- Isaiah 6
- Mark 1:21-45
- Psalms 1–5
- Isaiah 8:16–9:7
- Revelation 7
- Psalms 1–5
ISAIAH HAS ALREADY OPENED with a dominating message of judgment against Jerusalem and Judah, and it runs from chapter 1—39. So yes, it continues in chapter 6, where he envisions seraphim attending the throne and testifying, “Holy, holy, holy is the Lord of Heaven’s Armies! The whole earth is filled with his glory!” (Isa 6:3). The prophet’s encounter prompted his own confession: “It’s all over! I am doomed, for I am a sinful man. I have filthy lips, and I live among a people with filthy lips. Yet I have seen the King, the Lord of Heaven’s Armies” (v. 5).
But in God’s grace, what followed was a visionary cleansing and calling ceremony:
Then one of the seraphim flew to me with a burning coal he had taken from the altar with a pair of tongs. He touched my lips with it and said, “See, this coal has touched your lips. Now your guilt is removed, and your sins are forgiven.” (vv. 6–7)
Even God’s prophet needed the cleansing that God offered to his people, who were otherwise facing relentless judgment (Isa 1—39). If Judah and Jerusalem were to experience restoration and have a future (Isa 40—66), it would require repentance and God’s own sanctifying work.
The problem was that the nation had departed from the Law and the instruction it provided. They would even consult mediums and the spirits of the dead instead of looking to instructions that had come from the living God (Isa 8:19-20). The end result of this was weariness, hunger, trouble, anguish, and dark despair (vv. 21–22).
But when Jesus came, he came preaching a living and authoritative message; he came healing, delivering, and driving out demonic despair (Mark 1:25-45). By this ministry, and by the worldwide extension of the gospel as we fulfill the Great Commission, the full number of God’s people will be baptized and discipled (Matt 28:19-20)—and by the work of the Lamb, preserved in final safety (Rev 7).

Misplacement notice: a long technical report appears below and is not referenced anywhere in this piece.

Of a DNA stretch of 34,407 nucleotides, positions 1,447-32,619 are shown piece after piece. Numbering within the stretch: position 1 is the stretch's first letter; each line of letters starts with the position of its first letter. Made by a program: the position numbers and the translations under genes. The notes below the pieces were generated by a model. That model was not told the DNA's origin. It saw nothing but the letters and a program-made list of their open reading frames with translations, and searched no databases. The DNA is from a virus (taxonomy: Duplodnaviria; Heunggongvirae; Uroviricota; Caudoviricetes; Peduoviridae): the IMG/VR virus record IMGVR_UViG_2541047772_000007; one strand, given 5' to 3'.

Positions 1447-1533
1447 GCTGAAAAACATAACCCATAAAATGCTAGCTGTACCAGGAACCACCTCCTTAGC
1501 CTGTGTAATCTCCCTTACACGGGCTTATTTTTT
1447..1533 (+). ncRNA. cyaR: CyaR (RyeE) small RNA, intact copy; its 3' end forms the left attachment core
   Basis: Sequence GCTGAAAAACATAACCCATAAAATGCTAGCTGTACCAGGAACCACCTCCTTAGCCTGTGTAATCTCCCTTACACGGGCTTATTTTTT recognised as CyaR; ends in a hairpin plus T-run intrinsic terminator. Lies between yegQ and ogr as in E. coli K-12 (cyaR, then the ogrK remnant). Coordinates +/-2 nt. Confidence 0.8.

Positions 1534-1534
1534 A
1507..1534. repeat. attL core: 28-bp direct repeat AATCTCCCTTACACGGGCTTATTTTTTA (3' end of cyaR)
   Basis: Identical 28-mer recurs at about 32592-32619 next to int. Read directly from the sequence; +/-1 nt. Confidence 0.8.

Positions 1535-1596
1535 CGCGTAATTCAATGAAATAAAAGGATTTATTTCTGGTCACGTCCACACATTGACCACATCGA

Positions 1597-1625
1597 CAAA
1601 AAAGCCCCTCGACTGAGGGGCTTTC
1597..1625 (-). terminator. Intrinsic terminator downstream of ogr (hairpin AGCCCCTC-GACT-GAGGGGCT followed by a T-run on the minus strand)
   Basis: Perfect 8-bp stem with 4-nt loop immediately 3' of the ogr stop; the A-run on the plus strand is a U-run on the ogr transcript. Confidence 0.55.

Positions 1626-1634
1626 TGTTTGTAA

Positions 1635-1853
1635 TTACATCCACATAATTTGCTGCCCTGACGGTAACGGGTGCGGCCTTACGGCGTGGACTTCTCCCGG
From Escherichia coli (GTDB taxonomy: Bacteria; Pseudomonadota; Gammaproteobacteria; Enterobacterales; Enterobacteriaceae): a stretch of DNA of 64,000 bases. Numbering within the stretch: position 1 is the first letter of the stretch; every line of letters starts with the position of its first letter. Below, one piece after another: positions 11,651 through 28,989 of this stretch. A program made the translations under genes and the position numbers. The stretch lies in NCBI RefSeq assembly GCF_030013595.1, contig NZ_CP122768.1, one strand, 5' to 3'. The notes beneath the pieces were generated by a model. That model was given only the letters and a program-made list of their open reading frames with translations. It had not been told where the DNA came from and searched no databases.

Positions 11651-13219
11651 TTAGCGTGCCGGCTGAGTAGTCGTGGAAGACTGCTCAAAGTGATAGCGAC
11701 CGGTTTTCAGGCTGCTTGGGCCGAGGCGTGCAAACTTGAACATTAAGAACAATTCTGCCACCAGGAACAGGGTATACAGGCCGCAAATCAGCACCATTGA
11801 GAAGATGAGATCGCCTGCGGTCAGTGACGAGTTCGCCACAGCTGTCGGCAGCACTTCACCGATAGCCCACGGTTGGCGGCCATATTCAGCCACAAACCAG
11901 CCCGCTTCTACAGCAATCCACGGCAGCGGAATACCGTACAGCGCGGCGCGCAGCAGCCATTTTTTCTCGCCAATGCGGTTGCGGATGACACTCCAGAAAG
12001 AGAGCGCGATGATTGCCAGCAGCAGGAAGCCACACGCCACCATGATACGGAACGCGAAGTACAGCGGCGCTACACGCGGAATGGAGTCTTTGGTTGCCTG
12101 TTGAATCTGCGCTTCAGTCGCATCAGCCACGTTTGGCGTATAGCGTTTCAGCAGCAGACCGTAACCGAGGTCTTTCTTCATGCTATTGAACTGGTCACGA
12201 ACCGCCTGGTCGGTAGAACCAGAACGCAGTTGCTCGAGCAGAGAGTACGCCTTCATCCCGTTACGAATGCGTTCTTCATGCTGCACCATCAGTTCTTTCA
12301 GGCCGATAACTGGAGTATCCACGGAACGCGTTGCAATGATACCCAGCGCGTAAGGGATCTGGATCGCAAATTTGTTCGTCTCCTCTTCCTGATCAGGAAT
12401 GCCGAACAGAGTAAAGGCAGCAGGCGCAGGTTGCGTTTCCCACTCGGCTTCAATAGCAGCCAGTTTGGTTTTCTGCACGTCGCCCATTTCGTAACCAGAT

Then I heard the Lord asking, “Whom should I send as a messenger to this people? Who will go for us?”
I said, “Here I am. Send me.”
And he said, “Yes, go, and say to this people, ‘Listen carefully, but do not understand. Watch closely, but learn nothing.’” (vv. 8–9)
God still seeks a purified people willing to answer the “Who will go” with a sanctified readiness: “Here I am. Send me!” But then we must preach the whole of God’s counsel, not only “great news of glad tidings,” but also the warnings to “Listen carefully … watch closely”—and learn of God’s ways. And we certainly want to be among the vast multitude that John envisioned:
9 After this I saw a vast crowd, too great to count, from every nation and tribe and people and language, standing in front of the throne and before the Lamb. They were clothed in white robes and held palm branches in their hands. 10 And they were shouting with a great roar,
“Salvation comes from our God who sits on the throne
and from the Lamb!”
11 And all the angels were standing around the throne and around the elders and the four living beings. And they fell before the throne with their faces to the ground and worshiped God. 12 They sang,
“Amen! Blessing and glory and wisdom
and thanksgiving and honor
and power and strength belong to our God
forever and ever! Amen.”
For today’s prayer, I think we can do no better than to pray along with the last of today’s five psalms:
1 Listen to my words, Lord,
consider my inmost thoughts;
2 heed my cry for help, my King and God.
3 When I pray to you, Lord,
in the morning you will hear me.
I shall prepare a morning sacrifice and keep watch.
4 For you are not a God who welcomes wickedness;
evil can be no guest of yours.
5 The arrogant will not stand in your presence;
you hate all evildoers,
6 you make an end of liars.
The Lord abhors those who are violent and deceitful.
7 But through your great love I may come into your house,
and at your holy temple bow down in awe.
8 Lead me and protect me, Lord,
because I am beset by enemies;
give me a straight path to follow.
9 Nothing they say is true;
they are bent on complete destruction.
Their throats are gaping tombs;
smooth talk runs off their tongues.
10 God, bring ruin on them;
let their own devices be their downfall.
Cast them out for their many rebellions,
for they have defied you.
11 But let all who take refuge in you rejoice,
let them for ever shout for joy;
shelter those who love your name,
that they may exult in you.
12 For you, Lord, will bless the righteous;
you will surround them with favour as with a shield.
–Psalm 5:1–12 (REB)